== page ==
Wilhelm Conrad Roentgen won the first Nobel Prize in Physics for the discovery of radiographs in 1895. The initial use of ultrasound for medical imaging followed five decades later. Computed tomography (CT) came into use in the 1960s, followed by MRI in the early 1970s. Recent years have seen an explosion of sophisticated imaging techniques, including whole body, dGEMERIC, and diffusion MRI, CT angiography, and PET-CT. The use of imaging has enhanced and transformed our understanding of not only disease pathophysiology but also the distribution of affected tissue and bone and disease progression.
Radiographs maintain a pivotal role in the evaluation of osteoarthritis, crystal-related arthritis, and spondyloarthritis. With the advent of imaging techniques like MRI, CT, angiography, and ultrasound, we can now also reliably assess changes within the synovium, cartilage, bone, and vessels. These newer imaging techniques are indispensable in the evaluation of conditions like large-vessel vasculitis, which is often not amenable to confirmatory biopsy. The use of sensitive imaging techniques like compositional MRI assessment for osteoarthritis has the potential to identify early biochemical changes that precede morphological changes, perhaps enabling earlier diagnosis. Furthermore, the development of comprehensive scoring methodology for the entheses and axial spondyloarthritis enables objective measurements of response to therapy, which are invaluable to the study of novel therapies. Over the next few years, I anticipate we will continue to see vast advancements in imaging and applications to the clinical care of both children and adults with rheumatic disease.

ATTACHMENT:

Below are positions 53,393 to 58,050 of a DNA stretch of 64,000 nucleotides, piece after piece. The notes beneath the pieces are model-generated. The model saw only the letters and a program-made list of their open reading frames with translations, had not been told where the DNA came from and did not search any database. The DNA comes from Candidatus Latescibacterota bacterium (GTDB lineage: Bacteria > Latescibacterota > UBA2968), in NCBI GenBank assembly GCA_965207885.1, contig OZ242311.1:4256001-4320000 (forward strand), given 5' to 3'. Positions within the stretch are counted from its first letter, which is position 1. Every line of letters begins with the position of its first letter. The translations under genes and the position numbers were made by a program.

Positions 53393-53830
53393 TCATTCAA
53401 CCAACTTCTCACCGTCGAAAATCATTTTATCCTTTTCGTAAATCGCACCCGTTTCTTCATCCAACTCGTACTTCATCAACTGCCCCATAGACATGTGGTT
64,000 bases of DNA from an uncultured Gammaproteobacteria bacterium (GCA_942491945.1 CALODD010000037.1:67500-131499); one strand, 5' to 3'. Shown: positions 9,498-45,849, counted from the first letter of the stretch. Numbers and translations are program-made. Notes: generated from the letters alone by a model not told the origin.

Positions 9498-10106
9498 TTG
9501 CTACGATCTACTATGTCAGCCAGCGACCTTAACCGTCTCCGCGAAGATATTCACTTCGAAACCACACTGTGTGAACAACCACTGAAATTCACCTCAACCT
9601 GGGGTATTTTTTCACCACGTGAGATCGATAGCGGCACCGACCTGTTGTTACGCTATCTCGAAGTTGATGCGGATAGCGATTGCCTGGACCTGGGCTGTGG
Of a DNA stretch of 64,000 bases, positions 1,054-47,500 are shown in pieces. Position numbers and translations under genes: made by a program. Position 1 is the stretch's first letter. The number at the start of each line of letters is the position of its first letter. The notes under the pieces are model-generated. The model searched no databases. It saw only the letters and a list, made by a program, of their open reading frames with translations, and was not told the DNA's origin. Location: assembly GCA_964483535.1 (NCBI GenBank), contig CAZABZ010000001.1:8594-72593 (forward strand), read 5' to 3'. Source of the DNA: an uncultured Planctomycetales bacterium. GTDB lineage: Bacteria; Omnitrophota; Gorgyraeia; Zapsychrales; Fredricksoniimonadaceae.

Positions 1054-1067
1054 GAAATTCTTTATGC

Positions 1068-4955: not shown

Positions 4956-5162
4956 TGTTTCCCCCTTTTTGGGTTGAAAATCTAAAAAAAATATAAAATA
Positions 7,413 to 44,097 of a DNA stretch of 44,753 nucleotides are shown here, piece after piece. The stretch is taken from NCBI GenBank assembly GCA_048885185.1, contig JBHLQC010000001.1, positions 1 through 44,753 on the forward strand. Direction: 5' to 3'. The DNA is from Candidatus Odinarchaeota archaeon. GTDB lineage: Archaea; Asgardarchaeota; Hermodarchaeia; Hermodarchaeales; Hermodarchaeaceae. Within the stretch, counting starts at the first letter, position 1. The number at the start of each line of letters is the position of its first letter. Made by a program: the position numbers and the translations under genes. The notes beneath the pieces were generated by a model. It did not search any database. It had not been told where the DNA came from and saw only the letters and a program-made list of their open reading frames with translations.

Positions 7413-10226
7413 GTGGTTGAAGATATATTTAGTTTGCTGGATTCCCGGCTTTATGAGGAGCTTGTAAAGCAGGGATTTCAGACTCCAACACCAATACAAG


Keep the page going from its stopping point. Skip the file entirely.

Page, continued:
This issue of Rheumatic Disease Clinics of North America addresses state-of-the-art imaging techniques for the evaluation of inflammatory peripheral and axial arthritis, enthesitis, crystal arthropathies, connective tissue disease, vasculitis, bone tumors, chronic recurrent osteomyelitis and SAPHO syndrome, joint and bone infection, and available imaging scoring techniques. The contributing authors are a wonderful group of experts well poised to discuss the role of imaging as it fits into clinical evaluation and research endeavors for these conditions.